Weddings, like history, seem to be just the same damn thing after another but with different names to memorize. Besides the two people standing in the middle, the variations are slight at most (flavor of cake).

Rather than participate in the same-old-same-old, San Francisco musicians Rebecca Bortman and Bryan Garza started a band. It’s called Love, Jerks. As you can see, they have precluded your cynical curmudgeonly dismissal of anyone so in love they had to start a band together.

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Both Garza and Bortman are lead singers—for Scissors for Lefty and Happy Fangs, respectively—and the San Francisco alt-music scene has been influential in their romance. Last year, they got engaged onstage at a concert at Bottom of the Hill. Instead of patching together their musical life into their ceremony, they scrapped the ceremony and wrote a wedding musical instead. Rather, a martial rock opera.

“Imagine a Bowie concert,” says Garza, “with hors d’oeuvres and cocktails and a donut tower.” With a pause he added, “if people want dinner, I told them they better get some before.”

Love, Jerks will perform their wedding an audience of 250 to 300 guests in two weeks at the Mission District concert venue The Chapel (fitting!). They have seven songs with one encore. When some fans reached out for tickets, the pair acquiesced and set up a fan application. As they wrote on their website, “OK! Sure! Just be nice to all our high school buddies and don’t slamdance our aunties.”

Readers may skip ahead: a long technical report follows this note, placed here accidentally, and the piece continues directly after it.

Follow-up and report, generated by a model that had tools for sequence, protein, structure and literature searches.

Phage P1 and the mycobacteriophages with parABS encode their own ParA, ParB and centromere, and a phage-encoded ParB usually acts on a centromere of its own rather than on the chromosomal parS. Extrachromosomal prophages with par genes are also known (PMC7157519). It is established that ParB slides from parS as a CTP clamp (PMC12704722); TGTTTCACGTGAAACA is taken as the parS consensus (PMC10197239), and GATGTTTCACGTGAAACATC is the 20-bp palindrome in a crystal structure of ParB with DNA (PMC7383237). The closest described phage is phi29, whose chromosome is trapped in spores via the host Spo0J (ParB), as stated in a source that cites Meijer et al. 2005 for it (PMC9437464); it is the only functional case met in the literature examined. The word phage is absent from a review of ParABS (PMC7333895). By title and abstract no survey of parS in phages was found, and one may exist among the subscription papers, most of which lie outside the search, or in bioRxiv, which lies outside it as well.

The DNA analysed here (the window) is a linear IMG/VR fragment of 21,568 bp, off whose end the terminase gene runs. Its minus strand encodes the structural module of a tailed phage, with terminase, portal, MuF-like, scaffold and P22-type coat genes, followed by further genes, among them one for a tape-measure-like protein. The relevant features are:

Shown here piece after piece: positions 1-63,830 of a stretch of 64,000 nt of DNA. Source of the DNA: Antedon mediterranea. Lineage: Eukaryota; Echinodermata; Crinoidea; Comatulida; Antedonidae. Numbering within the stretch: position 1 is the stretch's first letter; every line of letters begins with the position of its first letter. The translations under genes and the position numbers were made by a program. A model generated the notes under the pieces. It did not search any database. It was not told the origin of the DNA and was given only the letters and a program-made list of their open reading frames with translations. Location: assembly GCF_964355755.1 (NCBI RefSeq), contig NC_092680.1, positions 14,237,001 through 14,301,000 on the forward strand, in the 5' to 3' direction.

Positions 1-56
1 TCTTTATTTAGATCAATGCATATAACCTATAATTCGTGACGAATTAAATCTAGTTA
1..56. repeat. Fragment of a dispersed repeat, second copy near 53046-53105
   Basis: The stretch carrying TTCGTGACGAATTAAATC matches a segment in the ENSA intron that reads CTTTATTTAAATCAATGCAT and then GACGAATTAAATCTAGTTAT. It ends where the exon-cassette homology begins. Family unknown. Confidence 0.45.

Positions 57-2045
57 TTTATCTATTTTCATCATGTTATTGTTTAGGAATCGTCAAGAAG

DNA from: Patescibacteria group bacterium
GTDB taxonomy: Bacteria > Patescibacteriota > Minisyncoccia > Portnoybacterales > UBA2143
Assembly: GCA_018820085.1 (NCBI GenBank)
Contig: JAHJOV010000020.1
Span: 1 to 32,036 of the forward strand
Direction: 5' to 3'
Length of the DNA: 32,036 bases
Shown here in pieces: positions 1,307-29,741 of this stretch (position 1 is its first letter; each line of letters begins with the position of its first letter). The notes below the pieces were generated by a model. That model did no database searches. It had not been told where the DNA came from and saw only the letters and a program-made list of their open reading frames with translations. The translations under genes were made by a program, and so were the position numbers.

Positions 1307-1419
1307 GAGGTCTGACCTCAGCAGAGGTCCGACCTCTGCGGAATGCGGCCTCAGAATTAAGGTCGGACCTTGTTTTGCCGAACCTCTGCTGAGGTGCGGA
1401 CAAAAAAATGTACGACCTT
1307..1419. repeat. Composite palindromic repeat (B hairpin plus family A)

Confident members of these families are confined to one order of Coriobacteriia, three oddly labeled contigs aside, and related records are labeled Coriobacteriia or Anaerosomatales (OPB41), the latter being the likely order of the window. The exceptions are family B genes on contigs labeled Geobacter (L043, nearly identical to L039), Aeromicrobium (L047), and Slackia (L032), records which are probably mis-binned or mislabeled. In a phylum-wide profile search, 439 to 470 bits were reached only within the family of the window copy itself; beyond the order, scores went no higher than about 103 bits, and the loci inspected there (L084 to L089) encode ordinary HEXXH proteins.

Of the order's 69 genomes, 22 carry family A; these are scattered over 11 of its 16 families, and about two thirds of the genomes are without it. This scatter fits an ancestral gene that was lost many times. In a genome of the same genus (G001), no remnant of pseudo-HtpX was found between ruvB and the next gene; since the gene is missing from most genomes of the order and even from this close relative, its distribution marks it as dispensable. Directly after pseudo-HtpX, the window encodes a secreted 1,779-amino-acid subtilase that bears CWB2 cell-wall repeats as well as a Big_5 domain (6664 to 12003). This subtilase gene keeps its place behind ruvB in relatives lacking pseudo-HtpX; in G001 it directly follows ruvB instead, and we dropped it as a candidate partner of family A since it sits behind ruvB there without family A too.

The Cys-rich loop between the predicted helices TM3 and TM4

The two songbirds/lovebirds spoke to me about their plans.

How was writing together? I know that collaborating can be a new dynamic.

RB: Other people might not know what a triumph these songs are, or for us to coexist [as musicians]. They might just hear fun songs, which I hope they do, but for us, this whole production is a gift to our family and friends: This is our inside life, this is what we’ve worked on for almost a year.

BG: We both love it, even if we get a little upset in the beginning. Her input is crucial; everything Rebecca says is an improvement. It’s just hard to receive for the first few minutes.

RB: I’m starting to get better at delivering it.

How are the songs you write together different than writing normally?

BG: I would say: Let’s not get too metaphorical, let’s keep it forthright. Just say, “I love you,” over and over.

What’s your family think?

RB: It makes sense. We were both the little kids who would sit our parents down and say, Watch me perform! Usually to Tina Turner music.

BG: We felt this pressure from people who will fly all the way over here who want to be a little more formal, so we said okay we’ll do a theme: Rockers vs. Dockers.

Tell me more…

BG: It’s also us. We’ve taken a lot of time off and been rock and rollers, but then there’s this reality of our day jobs. Like right now, I wouldn’t be seen in what I’m wearing: slacks and a dress shirt and a badge. We recognize there is a dichotomy. San Francisco is going through this now too, like the tech vs. the artists. We wanted to show the audience that the two can coexist.

Is there a lot of San Francisco in your songs?

RB: We live in the Castro; he lived way up the hill and we met in the middle at the Castro theater for the first [date].

BW: Seeing her for the first time, leaning against the wall, from my motorcycle as I’m parking it. It seemed so cinematic.

Is your life like a music video? Do people tell you that?

RB: I will say, that’s one of the things I adore about Bryan he makes like feel like a John Hughes movie, I’m just starring in my own romantic ‘80s comedy drama. But don’t tell everyone. Then they’ll want him too.

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